For the most part, people tend to be fickle and choosey with their RPGs. To be honest, there isn’t anything wrong with that. People are free to like what they like, choose what they choose, play what they want and pass on the rest. Gamers have strong feelings about what they play and what they pursue and this especially makes sense with Role Playing Games. The whole genre, while more easily recognized and accessible today than ever, is still a niche territory that has many different little sub-genres and trends nestled within it. People tend to find a vein of RPG gold they like and get attached. I personally like turn based J-RPGs or action heavy RPGS light on the stat based details. One of my best gamer friends however loves real time gameplay and heavy customization. The RPG genre seriously has something for everyone. But if you think about it, are these little grooves in tastes and expectation so great?
In my opinion I think people often miss out on things when they find their go-to patterns of likes and expectations. It’s good to have standards and all, but you miss so much by not occasionally tossing it all to the wind and exploring the gaming landscape around you! There are so many games out there that fall into odd cracks or have quirks that juuust stopped them from reaching that trustworthy score from EGM, or Gamespot. Games that aren’t perfect technically, sometimes by a long shot, but still have much to offer in terms of entertainment or enjoyment. The land of RPGs is a perfect place to do this exploring. Like I said there are lots of different areas to explore and by nature, RPGS tend to require a strong investment and attention to detail. By giving a wonky RPG this standard treatment you get to dig deep and explore a title. You get to find the diamond in the rough, (sometimes deep, in the rough.) or fall in love with a quirk that allows you to overlook rougher things like clunky mechanics.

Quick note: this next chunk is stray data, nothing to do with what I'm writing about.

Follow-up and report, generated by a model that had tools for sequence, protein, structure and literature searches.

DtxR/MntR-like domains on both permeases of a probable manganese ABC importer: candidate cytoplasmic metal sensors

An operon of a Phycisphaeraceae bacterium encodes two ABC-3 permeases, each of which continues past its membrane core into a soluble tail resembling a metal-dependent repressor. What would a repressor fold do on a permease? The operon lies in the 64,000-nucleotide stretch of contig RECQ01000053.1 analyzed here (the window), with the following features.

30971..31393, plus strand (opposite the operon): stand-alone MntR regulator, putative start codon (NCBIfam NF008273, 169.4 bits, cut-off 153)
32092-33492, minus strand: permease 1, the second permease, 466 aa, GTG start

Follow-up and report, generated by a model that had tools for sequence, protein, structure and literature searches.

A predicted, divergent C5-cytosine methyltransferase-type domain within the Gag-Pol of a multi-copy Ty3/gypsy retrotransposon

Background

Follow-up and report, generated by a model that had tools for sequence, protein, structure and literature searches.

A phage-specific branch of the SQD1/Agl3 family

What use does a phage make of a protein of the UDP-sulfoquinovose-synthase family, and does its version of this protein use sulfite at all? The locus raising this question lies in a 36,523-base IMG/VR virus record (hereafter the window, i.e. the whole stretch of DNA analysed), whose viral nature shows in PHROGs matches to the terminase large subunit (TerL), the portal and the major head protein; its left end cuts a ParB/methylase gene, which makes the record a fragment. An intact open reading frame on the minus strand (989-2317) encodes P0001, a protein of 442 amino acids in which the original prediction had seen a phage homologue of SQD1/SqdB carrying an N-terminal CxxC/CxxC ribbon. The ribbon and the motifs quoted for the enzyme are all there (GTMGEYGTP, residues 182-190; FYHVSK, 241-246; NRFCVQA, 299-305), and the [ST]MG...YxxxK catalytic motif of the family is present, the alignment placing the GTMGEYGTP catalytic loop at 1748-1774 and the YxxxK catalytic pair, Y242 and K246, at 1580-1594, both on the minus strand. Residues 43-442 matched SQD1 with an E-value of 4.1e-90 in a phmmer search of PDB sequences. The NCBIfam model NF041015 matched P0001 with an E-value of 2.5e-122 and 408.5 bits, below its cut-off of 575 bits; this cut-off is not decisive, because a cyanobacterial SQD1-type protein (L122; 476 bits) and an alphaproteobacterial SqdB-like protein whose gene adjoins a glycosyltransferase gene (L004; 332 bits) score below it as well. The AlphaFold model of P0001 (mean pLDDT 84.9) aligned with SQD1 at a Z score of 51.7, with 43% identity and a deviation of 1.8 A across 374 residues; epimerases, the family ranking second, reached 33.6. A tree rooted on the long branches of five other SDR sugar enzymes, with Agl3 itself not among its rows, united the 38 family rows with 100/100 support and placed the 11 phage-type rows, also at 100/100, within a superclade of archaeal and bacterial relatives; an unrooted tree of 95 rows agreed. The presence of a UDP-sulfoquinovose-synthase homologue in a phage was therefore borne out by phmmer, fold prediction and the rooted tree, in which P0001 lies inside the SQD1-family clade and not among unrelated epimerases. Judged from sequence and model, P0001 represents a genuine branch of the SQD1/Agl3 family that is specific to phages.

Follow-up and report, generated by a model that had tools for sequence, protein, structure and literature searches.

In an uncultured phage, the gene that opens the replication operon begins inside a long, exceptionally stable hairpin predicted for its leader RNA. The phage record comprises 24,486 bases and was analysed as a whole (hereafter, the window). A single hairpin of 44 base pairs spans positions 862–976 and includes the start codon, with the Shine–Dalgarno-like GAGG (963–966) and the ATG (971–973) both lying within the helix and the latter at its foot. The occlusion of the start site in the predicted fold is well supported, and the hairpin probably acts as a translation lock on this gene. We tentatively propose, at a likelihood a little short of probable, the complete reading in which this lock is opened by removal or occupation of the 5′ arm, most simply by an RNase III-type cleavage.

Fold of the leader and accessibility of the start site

Let’s nitpick, shall we?
I love games like this. Wonky RPGs make up a noticeable section of games that receive my unwavering affection. They stick with me, and I like looking for new ways to talk about a game that is spat upon or maybe never really talked about. Wonky RPGs have lead me to some great discussions at conventions and given me interesting things to talk about here. (I mean, I have definitely mentioned Cosmic Fantasy 2 more often than like every retro game writer/review I’ve seen.) With a close look, these games can be fantastic experiences if you give them a proper go and the right attention. Everyone should step outside of the box you’ve built yourself once and a while and I’m going to try and explain why you should Wonky RPGs a chance.